lie to

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lay to

1. nauticalTo turn a ship into the wind so as to stop forward motion. We need to lay to with those nasty storm clouds on the horizon! After two days of laying to without a single whale sighting, the captain decided it was time to move on.
2. dated To set about some task or action promptly or enthusiastically. Lay to, everyone—we have to get this finished before the storm hits us! The hungry child laid to as soon as the food was placed before him.
3. To blame or credit someone or something for something. A noun or pronoun is used between "lay" and "to." He has always lain his success to the teachings of his former mentor. We can't just lay our current predicament on the last boss's failures.
See also: lay

lie to

1. To tell someone an untruth or falsehood. Don't lie to me—was it you who took the money? He's been lying to his employees for months about the state of the company.
2. Of a sailing vessel, to remain stationary while facing the wind. Make sure the ship lies to during the storm so as not to capsize.
See also: lie

lie to (one)

To tell one an untruth or falsehood. Don't lie to me—was it you who took the money? He's been lying to his employees for months about the state of the company.
See also: lie
Farlex Dictionary of Idioms. © 2015 Farlex, Inc, all rights reserved.

lay something to something

to attribute something to something. I lay all our problems to the inadequacy of our training. Mary laid her success to a good upbringing.
See also: lay

lay to

to begin doing something, such as fighting or eating. All right, you guys. Lay to. The stuff will get cold if you don't eat it. Lay to! Let's get on with it.
See also: lay

lie to someone (about someone or something)

to tell an untruth about someone or something to someone. You wouldn't lie to me about Sarah, would you? I'm not lying to you!
See also: lie
McGraw-Hill Dictionary of American Idioms and Phrasal Verbs. © 2002 by The McGraw-Hill Companies, Inc.
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References in classic literature ?
I wonder masel' who'd be bothered tellin' lies to them, even the newspapers, which is full of fool-talk."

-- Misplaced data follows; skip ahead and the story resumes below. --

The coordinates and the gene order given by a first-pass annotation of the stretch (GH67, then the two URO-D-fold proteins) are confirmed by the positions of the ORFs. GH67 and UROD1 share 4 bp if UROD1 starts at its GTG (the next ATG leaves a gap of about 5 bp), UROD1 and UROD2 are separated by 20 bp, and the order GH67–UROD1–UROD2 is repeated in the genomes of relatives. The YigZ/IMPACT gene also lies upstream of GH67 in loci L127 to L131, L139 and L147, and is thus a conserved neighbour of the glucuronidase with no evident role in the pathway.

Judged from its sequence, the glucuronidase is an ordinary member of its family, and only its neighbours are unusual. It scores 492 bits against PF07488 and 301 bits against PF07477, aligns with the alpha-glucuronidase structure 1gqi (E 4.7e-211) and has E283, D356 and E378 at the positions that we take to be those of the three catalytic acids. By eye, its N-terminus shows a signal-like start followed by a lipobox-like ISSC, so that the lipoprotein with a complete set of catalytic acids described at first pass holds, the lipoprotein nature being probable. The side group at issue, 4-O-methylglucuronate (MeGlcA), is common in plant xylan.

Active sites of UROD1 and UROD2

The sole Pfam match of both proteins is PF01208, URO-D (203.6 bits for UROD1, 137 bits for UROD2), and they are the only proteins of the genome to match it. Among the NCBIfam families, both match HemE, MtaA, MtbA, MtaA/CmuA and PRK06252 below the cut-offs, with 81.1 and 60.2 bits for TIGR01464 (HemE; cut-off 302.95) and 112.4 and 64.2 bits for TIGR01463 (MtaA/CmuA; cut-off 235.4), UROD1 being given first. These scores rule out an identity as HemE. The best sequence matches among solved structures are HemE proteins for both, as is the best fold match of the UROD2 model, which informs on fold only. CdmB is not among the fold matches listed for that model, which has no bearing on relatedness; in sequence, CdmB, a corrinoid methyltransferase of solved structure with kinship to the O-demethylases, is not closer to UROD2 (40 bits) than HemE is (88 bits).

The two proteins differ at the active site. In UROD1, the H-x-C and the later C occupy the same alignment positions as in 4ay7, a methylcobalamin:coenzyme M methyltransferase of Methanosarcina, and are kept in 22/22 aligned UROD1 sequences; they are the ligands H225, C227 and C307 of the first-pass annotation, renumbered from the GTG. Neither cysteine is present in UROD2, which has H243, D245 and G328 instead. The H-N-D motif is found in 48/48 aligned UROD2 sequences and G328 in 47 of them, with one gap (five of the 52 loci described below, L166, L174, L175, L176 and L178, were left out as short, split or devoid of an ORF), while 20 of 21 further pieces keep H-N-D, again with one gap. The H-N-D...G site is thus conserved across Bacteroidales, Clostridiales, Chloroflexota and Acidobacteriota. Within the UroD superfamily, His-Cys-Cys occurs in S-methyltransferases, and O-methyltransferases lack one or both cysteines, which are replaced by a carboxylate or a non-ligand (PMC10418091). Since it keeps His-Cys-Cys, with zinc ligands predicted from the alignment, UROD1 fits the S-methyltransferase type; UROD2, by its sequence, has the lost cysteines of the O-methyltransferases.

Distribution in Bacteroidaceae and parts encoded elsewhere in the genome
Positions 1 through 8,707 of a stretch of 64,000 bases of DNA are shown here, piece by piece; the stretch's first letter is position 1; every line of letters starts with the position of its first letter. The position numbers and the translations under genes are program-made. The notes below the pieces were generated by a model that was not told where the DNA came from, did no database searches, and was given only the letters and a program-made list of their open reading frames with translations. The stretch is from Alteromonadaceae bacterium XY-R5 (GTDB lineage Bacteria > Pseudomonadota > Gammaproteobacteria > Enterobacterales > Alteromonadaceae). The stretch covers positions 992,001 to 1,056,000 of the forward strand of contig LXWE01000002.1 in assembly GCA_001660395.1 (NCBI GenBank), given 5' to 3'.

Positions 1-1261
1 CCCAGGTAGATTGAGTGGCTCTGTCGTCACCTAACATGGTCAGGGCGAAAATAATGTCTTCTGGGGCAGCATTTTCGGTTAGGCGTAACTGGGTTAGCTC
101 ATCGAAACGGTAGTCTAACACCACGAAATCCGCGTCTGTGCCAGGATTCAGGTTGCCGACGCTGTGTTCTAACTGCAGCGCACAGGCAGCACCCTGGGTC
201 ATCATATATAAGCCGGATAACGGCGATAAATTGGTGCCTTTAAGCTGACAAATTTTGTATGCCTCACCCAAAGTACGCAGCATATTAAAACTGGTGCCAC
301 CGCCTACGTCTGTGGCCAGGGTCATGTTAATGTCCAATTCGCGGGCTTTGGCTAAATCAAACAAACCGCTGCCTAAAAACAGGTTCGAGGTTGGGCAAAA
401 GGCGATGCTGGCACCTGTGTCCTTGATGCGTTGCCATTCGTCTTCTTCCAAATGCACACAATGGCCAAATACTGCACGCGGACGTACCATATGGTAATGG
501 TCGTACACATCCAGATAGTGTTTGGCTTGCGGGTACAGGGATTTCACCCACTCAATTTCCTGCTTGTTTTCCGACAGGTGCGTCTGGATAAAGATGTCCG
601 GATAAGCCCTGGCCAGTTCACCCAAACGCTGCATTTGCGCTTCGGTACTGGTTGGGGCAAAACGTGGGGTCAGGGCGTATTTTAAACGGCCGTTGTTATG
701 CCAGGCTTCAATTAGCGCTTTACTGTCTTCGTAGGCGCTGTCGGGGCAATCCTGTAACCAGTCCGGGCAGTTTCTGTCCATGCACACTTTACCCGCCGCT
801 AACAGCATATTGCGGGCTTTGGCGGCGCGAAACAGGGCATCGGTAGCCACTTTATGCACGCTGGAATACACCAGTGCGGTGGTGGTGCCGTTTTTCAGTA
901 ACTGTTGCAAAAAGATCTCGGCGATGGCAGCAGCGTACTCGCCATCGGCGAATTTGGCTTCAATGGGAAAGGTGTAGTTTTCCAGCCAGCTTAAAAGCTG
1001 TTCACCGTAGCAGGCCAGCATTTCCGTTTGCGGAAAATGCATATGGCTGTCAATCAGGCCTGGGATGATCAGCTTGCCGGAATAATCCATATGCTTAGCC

Lying which comes through environment, like, [if] a child is scared of punishment and lies to protect himself [over and over] then it's a learned behaviour through conditioning."
they will hide behind their lies to let their voices appear from
In previous studies, significant correlations have been found among the telling of lies to parents and low self-esteem, severe depression, stress, and loneliness (Engels et al., 2006), but few researchers have analyzed the scope of undergraduates' day-to-day lying behavior and the relationships among that behavior, personality, and emotional adaptation (Engels et al., 2006; Jensen et al., 2004).
In some studies, the results have shown that boys were more tolerant than were girls regarding lying behavior and that they more often told lies to their parents than did girls (Jensen et al., 2004; Keltikangas-Jarvinen & Lindeman, 1997).
There is also the opportunity to assess the argument from analogy from personal to state-level lies to see if the typology relies too heavily upon it and to assess its validity.
Adolescents, in contrast, start to tell lies to protect their privacy.
Adolescents, in contrast, start to tell lies to protect their privacy For example, a 14-year-old arrives 10 minutes past curfew and says, "Sorry ...
"The more a leader lies to his people, the more he must lie to his people," Alterman writes.
Iago is a prime example of someone who lies to punish.
In the book, Feldman has debunked many myths and has said that we are not only bad at detecting falsehoods, but in fact are strongly and unconsciously willing to believe other people's lies to make our lives easier.
Frank's team videotaped 20 male college students telling lies to an experimenter described to them as an expert in lie detection.